23rd Aug '13 4:07:49 AM szaleniec1000
Is there an issue? Send a Message


Compare MotherNatureFatherScience, WomenAreWiser, PinkProductPloy.

to:

Compare MotherNatureFatherScience, WomenAreWiser, PinkProductPloy.PinkProductPloy, DoingInTheScientist.
10th Jun '13 11:51:41 AM ChaoticBrain
Is there an issue? Send a Message


[[caption-width-right:280:Little do they know Baby Alive runs on two C batteries.[[hottip:*: Or maybe they do, but think of it as magic anyway...]]]]

to:

[[caption-width-right:280:Little do they know know, Baby Alive runs on two C batteries.[[hottip:*: Or maybe they do, but think of it as magic anyway...]]]]
]]
9th May '13 6:06:52 PM Midna
Is there an issue? Send a Message


Toys for girls which are marketed as using magic rather than technology.

These ads are aired in countries with truth-in-advertising laws. [[InsaneTrollLogic Therefore]], these toys ''must'' use actual magic! Okay, seriously, computers and electronics and alkaline batteries allow toys to do amazing things. Toy companies are well aware of this. But how they handle it depends on whether the toy is meant for boys or girls.

If it's for boys, then the technology in the toy will be prominent in the advertising. The design of the toy and its description in commercials will suggest bleeding-edge technology. "Batteries not included" will be displayed relatively prominently.

If it's for girls, then it's time to [[MagicVersusScience break out the fairy dust]]. Even the need for batteries is hidden in fine print. Everything the toy does is attributed to magic or other mysterious powers. The girls in the commercials will act overawed and amazed as dolls move, dance and talk in response to voice commands... [[UnfortunateImplications even though they probably see TV remote controls and personal computers on a daily basis]].

to:

Toys for girls which are marketed as using magic rather than technology.

technology. These ads are aired in countries with truth-in-advertising laws. [[InsaneTrollLogic Therefore]], these toys ''must'' use actual magic! magic!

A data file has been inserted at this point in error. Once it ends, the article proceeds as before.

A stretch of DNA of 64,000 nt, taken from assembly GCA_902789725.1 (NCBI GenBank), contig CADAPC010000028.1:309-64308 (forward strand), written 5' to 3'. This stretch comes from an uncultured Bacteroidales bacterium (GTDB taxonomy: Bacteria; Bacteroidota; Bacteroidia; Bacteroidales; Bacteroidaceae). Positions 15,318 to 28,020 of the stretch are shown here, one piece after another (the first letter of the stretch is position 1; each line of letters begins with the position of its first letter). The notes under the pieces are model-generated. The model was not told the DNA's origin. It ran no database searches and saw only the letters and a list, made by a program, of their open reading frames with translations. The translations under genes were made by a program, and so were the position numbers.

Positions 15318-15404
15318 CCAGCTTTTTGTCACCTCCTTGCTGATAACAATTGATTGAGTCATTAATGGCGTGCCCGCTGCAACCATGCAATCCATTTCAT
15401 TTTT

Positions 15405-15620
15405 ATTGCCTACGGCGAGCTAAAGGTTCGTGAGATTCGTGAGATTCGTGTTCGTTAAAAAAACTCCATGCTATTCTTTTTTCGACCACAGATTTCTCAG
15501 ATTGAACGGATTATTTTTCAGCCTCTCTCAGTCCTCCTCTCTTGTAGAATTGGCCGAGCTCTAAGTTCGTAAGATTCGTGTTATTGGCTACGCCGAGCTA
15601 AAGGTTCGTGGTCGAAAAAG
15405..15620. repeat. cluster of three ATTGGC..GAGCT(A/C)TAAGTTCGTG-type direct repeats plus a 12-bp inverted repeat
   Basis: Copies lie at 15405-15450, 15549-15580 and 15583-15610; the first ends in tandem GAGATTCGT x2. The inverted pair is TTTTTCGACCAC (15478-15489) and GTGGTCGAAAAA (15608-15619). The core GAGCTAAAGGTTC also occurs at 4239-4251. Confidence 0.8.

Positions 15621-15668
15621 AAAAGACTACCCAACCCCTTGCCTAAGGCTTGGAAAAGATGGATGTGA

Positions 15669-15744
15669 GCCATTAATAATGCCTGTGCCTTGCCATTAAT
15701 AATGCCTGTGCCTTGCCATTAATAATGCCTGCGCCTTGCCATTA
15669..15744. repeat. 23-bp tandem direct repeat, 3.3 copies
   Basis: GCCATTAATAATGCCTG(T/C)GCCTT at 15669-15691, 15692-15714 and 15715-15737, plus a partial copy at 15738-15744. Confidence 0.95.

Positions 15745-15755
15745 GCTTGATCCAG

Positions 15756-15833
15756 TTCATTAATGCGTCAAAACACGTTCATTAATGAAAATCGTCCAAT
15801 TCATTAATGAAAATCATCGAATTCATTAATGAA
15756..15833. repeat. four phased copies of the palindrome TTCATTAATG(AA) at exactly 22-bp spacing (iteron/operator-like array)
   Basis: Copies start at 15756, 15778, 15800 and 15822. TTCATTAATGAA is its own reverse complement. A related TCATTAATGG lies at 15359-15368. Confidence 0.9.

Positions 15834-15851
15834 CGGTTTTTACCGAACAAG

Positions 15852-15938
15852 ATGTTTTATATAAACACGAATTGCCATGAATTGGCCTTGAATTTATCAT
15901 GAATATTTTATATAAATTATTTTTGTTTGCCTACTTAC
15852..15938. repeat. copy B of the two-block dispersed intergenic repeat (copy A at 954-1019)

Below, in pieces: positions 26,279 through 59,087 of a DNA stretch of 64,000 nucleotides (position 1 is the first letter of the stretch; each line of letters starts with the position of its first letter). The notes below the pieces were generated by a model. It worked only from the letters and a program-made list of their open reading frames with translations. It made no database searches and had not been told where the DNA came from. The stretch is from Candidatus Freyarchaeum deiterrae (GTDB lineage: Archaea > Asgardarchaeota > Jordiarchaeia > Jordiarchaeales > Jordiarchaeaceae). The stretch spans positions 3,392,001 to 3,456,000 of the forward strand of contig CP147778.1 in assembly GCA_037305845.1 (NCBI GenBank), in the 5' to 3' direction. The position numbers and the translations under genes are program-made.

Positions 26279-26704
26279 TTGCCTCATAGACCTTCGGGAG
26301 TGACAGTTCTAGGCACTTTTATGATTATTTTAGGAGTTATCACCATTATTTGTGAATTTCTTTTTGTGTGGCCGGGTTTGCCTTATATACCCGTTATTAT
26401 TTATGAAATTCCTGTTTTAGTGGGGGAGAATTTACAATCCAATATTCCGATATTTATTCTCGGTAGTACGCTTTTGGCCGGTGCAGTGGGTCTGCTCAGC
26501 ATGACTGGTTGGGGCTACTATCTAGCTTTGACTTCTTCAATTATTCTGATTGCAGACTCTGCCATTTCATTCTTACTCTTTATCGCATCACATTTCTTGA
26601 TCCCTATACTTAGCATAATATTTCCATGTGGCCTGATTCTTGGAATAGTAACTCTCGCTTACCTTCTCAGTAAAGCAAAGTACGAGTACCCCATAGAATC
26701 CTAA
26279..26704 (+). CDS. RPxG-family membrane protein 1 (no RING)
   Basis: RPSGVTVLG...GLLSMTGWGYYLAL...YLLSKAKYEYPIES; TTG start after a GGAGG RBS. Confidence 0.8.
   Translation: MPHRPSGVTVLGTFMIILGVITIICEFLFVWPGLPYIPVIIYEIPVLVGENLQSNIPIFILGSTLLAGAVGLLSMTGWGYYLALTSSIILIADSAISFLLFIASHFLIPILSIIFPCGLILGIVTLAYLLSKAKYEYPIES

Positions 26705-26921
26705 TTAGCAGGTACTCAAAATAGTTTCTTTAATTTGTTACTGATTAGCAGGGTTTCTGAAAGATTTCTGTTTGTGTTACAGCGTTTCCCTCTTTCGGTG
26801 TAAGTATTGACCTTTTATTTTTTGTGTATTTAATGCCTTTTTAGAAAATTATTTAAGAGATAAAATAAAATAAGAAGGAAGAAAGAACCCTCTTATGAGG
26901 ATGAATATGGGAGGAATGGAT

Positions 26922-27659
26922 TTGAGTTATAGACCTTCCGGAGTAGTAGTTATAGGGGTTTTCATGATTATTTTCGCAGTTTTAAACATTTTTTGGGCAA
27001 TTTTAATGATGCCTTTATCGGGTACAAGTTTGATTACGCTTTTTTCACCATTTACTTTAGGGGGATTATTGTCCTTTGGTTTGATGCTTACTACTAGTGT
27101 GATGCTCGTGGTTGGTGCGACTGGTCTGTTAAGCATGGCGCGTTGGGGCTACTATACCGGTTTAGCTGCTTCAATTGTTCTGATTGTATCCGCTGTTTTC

Okay, seriously, computers and electronics and alkaline batteries allow toys to do amazing things. Toy companies are well aware of this. But how they handle it depends on whether the toy is meant for boys or girls.

* If it's for boys, then the technology in the toy will be prominent in the advertising. The design of the toy and its description in commercials will suggest bleeding-edge technology. "Batteries not included" will be displayed relatively prominently.

prominently.
*
If it's for girls, then it's time to [[MagicVersusScience break out the fairy dust]]. Even the need for batteries is hidden in fine print. Everything the toy does is attributed to magic or other mysterious powers. The girls in the commercials will act overawed and amazed as dolls move, dance and talk in response to voice commands... [[UnfortunateImplications even though they probably see TV remote controls and personal computers on a daily basis]].
2nd May '13 11:47:58 AM jayoungr
Is there an issue? Send a Message


Not every advertising campaign uses the trope. For example, the 1980s ''{{Jem}}'' toy line which had Synergy, a hologram-making super-computer. Another is the current line of [=GirlTech=] products, which make up for their open high-techness by being [[PinkGirlBlueBoy very, very pink]].

to:

Not every advertising campaign uses the trope. For example, the 1980s ''{{Jem}}'' toy line which had Synergy, a hologram-making super-computer. Another is the current line of [=GirlTech=] products, which make up for their open high-techness by being [[PinkGirlBlueBoy very, very,]] [[PinkProductPloy very pink]].
This list shows the last 9 events of 9. Show all.
http://tvtropes.org/pmwiki/article_history.php?article=Main.ClarkesLawForGirlsToys